But in the last month or so I’ve begun to sense a small tear in his patience, a silent chafing at my inertia and failure to rebound. Isn’t that so often the case, that sympathy for someone ends up weirdly entangled with irritation, or maybe even spawns it? People feel sorry, they truly do, but they also want to stop worrying about you at some point, however much they love you. They want you to reassure them that their concerns are exaggerated, that the crisis is past, and that you will be soon be more yourself again. So they check if you’re still fatigued and taking afternoon siestas. They invite journalism professors to dinner in order to goad you into thinking about your own work again.
The key is for me to get my energy back. And then there won’t be a need for little white lies.
I wander back downstairs, to the small room near the kitchen that I’m using as an office. When Guy found the house for us, he reported that there was a perfect spot for me to write in. What he had in mind was the room in the turret reached by stairs from the second floor. It would be like a writer’s garret, he said, but I found it both dusty and claustrophobic, and I preferred the idea of being on the ground floor. So I’ve commandeered the tiny room across from the kitchen, once a mudroom, I assume, and moved a desk in there. Hardly ideal—there’s a lingering scent of wet wool and rubber boots emanating from the wainscoting—though I doubt the words would be flowing wherever I was.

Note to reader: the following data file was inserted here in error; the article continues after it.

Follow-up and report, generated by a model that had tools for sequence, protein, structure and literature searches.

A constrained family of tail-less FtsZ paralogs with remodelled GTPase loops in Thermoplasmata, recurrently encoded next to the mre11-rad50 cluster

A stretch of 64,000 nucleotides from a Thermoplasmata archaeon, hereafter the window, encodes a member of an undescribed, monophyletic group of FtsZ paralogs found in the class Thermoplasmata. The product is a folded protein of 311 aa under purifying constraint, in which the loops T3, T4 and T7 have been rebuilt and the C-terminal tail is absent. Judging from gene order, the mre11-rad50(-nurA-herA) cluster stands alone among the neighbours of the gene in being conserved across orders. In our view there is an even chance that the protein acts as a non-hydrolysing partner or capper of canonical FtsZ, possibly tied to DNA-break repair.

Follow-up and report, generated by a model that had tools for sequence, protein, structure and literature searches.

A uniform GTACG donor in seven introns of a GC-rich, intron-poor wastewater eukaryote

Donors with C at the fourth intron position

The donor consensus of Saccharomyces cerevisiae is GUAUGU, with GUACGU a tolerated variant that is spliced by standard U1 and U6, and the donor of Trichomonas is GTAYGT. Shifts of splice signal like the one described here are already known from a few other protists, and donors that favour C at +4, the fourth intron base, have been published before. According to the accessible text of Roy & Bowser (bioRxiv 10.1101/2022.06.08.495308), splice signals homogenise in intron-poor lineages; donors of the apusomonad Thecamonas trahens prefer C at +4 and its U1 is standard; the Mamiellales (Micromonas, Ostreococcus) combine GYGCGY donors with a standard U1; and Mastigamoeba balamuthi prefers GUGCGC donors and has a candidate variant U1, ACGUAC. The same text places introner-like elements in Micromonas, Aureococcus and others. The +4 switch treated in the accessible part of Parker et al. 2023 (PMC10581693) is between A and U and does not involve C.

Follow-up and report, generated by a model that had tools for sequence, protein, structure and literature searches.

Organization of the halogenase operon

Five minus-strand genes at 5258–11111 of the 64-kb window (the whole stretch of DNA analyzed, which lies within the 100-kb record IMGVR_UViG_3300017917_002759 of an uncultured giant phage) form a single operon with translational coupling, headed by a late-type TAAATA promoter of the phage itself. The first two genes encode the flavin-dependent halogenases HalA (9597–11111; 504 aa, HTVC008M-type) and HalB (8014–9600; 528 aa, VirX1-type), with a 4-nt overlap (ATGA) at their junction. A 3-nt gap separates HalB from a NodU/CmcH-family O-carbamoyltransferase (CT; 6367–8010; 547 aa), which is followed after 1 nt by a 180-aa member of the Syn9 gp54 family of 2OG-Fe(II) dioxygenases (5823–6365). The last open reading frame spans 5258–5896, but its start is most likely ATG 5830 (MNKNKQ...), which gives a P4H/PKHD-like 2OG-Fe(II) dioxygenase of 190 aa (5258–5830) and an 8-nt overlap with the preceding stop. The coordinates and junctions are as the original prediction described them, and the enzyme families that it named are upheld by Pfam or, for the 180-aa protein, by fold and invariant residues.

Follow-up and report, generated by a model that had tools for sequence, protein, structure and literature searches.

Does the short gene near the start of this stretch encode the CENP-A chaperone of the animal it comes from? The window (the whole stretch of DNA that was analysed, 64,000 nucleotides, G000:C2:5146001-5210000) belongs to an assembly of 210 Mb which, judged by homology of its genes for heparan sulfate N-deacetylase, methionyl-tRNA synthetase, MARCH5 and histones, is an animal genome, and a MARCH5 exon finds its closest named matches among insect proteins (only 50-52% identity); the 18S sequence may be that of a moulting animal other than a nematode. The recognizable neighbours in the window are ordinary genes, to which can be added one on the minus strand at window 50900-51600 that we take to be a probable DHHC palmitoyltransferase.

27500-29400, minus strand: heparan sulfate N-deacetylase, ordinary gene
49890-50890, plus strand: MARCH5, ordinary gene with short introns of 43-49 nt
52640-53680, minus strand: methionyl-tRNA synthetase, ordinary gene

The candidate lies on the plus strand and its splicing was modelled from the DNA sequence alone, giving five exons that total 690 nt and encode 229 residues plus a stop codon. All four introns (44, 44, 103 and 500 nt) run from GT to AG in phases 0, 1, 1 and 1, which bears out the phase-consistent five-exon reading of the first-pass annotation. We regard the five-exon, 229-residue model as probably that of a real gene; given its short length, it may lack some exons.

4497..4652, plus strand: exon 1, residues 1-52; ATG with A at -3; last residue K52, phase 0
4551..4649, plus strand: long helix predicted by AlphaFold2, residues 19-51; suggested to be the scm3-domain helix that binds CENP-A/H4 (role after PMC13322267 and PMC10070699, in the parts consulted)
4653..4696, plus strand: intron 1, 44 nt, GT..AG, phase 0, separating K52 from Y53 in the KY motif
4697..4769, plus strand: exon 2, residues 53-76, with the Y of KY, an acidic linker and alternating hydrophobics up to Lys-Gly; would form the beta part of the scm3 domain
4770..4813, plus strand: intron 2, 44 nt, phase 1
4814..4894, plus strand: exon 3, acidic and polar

I check email, diverting most of them to my assistant in New York to contend with. Though I send off quick replies myself to friends inquiring how I’m doing, and one in response to my brother, Will, in his third year of working for a bank in Jakarta. There are several requests for interviews, which I politely decline, and two from my speaker’s bureau about well-paying gigs. These get nixed as well. Speaking to groups about the subjects of my books has always been a thrill for me, but I can’t fathom pulling that off right now.
My gaze falls to the icon for the proposal folder on my computer desktop. Maybe I should make another go at it before I fix dinner. But the mere thought makes my stomach tense. My phone rings, sparing me. It’s Casey, my agent, returning a call I made to her earlier.
“How’s it going up there?” she asks. “Have you seen what’s- his-name race yet? Seabiscuit?”
I laugh at her little joke. “Seabiscuit died in the nineteen forties. But they’ve got a big statue of him on the main street in town and I’ve petted it a couple of times.”
“It sounds like you’re getting out and about.”
“Yup, starting to.” After seven years and three books together, I consider Casey a friend as well as a colleague. At forty-two, she’s only three years older than me and she’s always got my back, but I’ve been cautious about divulging too much to her about my situation. I’ve confessed that I’m in a bit of a slump. What I’ve never uttered to her is the phrase Dr. G. used: acute stress reaction. Or maybe worse for Casey to hear: hopeless writer’s block.
“Well, I bet a summer away will be great for you. The publisher asked for a meeting to discuss the paperback launch, but I told them they’ll have to do everything by phone for a while. You’re not planning to be back in the city, are you?”
“No, not until September… By the way, do you know if they finally hired a replacement for Paul yet?”
There’s a beat before she answers.
“Uh, I heard they promoted the guy who’s been filling in,”
“Oh good to know. He seems strong… Here’s the reason I called actually. I’ve been thinking of contacting Paul’s widow, Stephanie, and just wanted a second opinion on the idea. I’ve always felt so bad that I wasn’t able to attend the funeral.”